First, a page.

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Family Groups - Fathers - Good dads being recognised

About time: Good dads recognized
Shaunti Feldhahn - For the Journal-Constitution

Wednesday, June 23, 2004
Across the country this Father's Day weekend, a happy surprise awaited 1,000 unsuspecting fathers. Each of these men was simply out with his kids in public --- shepherding them through a children's museum, going head-to-head in an ESPN Zone game or just roughhousing with them at a park --- when out of nowhere someone would walk up and tap him on the shoulder.
"Congratulations," the intruder would say, smiling at the man's startled attempts to pick grass clippings out of his kid's hair, "You've been caught being a Golden Dad. As part of the Golden Dad Award, here are free passes to the children's museum over there. Happy Father's Day."
In their second annual campaign, Golden Dad awards from the National Fatherhood Initiative and Rendezvous Entertainment/HUM were given out in 10 cities. Next year, I hope it's 100. Recognizing and appreciating good dads does something that reams of newsprint about fatherhood can never do: encourage and inspire those millions of men who are excellent fathers, and those who aim to be.
The method for identifying Golden Dads was unscientific, but very telling. In each city, the staff of local family-resource groups spent time in a particular public place, watching family groups come and go and zeroing in on those fathers who were investing in their children's lives.
I asked one such "Golden Dad catcher," Jamie Self of the Georgia Family Council, how on earth she could tell whether a man was investing in his kids just by watching them together at Centennial Olympic Park or the Imagine It children's museum.
"You could tell immediately who was involved and who wasn't," she said. "A dad who was engaged didn't just passively walk his children through the museum. A good dad talked and pointed things out and climbed in the sandbox with his kids. He picked his children up and hugged them if they got tired or wrestled with them in the park. It was easy to spot the dads who were pouring life into their kids."
Pouring life into their kids. What a wonderful description of a father's transforming influence.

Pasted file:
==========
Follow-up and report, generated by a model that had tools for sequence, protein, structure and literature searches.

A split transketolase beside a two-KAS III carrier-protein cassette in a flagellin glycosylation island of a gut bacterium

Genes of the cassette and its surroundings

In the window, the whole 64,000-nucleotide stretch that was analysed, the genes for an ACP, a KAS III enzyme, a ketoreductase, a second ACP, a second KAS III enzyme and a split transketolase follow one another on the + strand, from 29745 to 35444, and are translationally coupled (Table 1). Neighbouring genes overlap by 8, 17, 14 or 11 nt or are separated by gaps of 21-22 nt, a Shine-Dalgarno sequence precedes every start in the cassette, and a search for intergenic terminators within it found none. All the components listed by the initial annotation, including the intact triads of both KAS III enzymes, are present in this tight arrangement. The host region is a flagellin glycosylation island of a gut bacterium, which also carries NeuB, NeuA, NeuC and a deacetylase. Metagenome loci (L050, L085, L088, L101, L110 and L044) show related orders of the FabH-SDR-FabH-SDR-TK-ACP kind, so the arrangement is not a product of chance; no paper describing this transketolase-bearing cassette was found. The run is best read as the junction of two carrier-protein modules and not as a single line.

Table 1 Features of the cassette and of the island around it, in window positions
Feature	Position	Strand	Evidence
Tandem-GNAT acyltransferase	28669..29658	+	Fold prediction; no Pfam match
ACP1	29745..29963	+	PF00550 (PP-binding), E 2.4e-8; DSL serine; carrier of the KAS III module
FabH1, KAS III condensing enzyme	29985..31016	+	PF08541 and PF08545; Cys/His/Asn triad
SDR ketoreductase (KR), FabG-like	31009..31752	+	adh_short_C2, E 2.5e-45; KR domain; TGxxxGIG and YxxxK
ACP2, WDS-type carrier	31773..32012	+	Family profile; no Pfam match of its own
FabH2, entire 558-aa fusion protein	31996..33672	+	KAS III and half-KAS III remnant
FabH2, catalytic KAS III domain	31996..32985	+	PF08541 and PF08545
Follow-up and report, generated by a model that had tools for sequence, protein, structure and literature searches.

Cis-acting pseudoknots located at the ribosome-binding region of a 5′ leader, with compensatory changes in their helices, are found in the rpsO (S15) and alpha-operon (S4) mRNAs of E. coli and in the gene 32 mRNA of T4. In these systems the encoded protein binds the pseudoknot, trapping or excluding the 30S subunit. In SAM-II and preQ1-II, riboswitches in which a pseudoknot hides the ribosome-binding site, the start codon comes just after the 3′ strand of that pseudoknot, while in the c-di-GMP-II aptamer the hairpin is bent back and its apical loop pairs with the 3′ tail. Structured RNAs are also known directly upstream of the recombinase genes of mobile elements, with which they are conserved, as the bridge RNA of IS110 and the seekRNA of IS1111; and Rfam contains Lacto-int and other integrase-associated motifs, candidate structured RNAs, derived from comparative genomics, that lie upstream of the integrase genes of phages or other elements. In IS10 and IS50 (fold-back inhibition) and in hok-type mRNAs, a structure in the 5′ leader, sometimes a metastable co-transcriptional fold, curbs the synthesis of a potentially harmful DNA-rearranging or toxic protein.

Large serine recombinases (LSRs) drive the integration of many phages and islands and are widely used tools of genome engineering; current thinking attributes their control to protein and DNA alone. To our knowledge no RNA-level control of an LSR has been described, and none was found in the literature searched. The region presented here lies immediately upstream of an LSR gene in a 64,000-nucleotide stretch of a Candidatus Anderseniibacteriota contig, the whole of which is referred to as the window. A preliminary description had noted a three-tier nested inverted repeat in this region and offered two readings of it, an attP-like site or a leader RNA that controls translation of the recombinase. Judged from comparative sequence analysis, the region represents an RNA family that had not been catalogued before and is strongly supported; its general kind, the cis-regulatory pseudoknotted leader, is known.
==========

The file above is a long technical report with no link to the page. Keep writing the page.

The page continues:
I asked a few of the Golden Dad recipients for their reactions. Malcolm Williams spoke for many when he said he was surprised, but gratified. "Family is the most important thing in our culture right now but doesn't get enough attention because there's so much else going on in our world. But if we can keep our families together. we can keep everything else together."
Another common denominator came when I asked what was the biggest hurdle to being a good dad. "Time," said Ross Sloop, who was out with both his own father and his son. "There are so many conflicting demands placed on a father's time these days. But without a doubt, the path to being a good father is investing time with children.
"My own father made a conscious decision that he wanted to spend as much time as possible doing activities with us as kids, and told us how important that was to him."
A picture of the three generations of Sloop men reminds me of the whole point behind the Golden Dads campaign and all other fatherhood programs.
I see the twinkling eyes of a white-haired man who poured life into his son, and I see that son, smiling at the camera, holding his own 3-year-old boy. I think: That little boy has a powerful legacy of father love. And I'll bet in 30 years, someone is going to tap him on the shoulder and tell him he's a wonderful dad.
Shaunti Feldhahn of Norcross is the author of several books. Her column appears on Wednesdays.

The National Fatherhood Initiative


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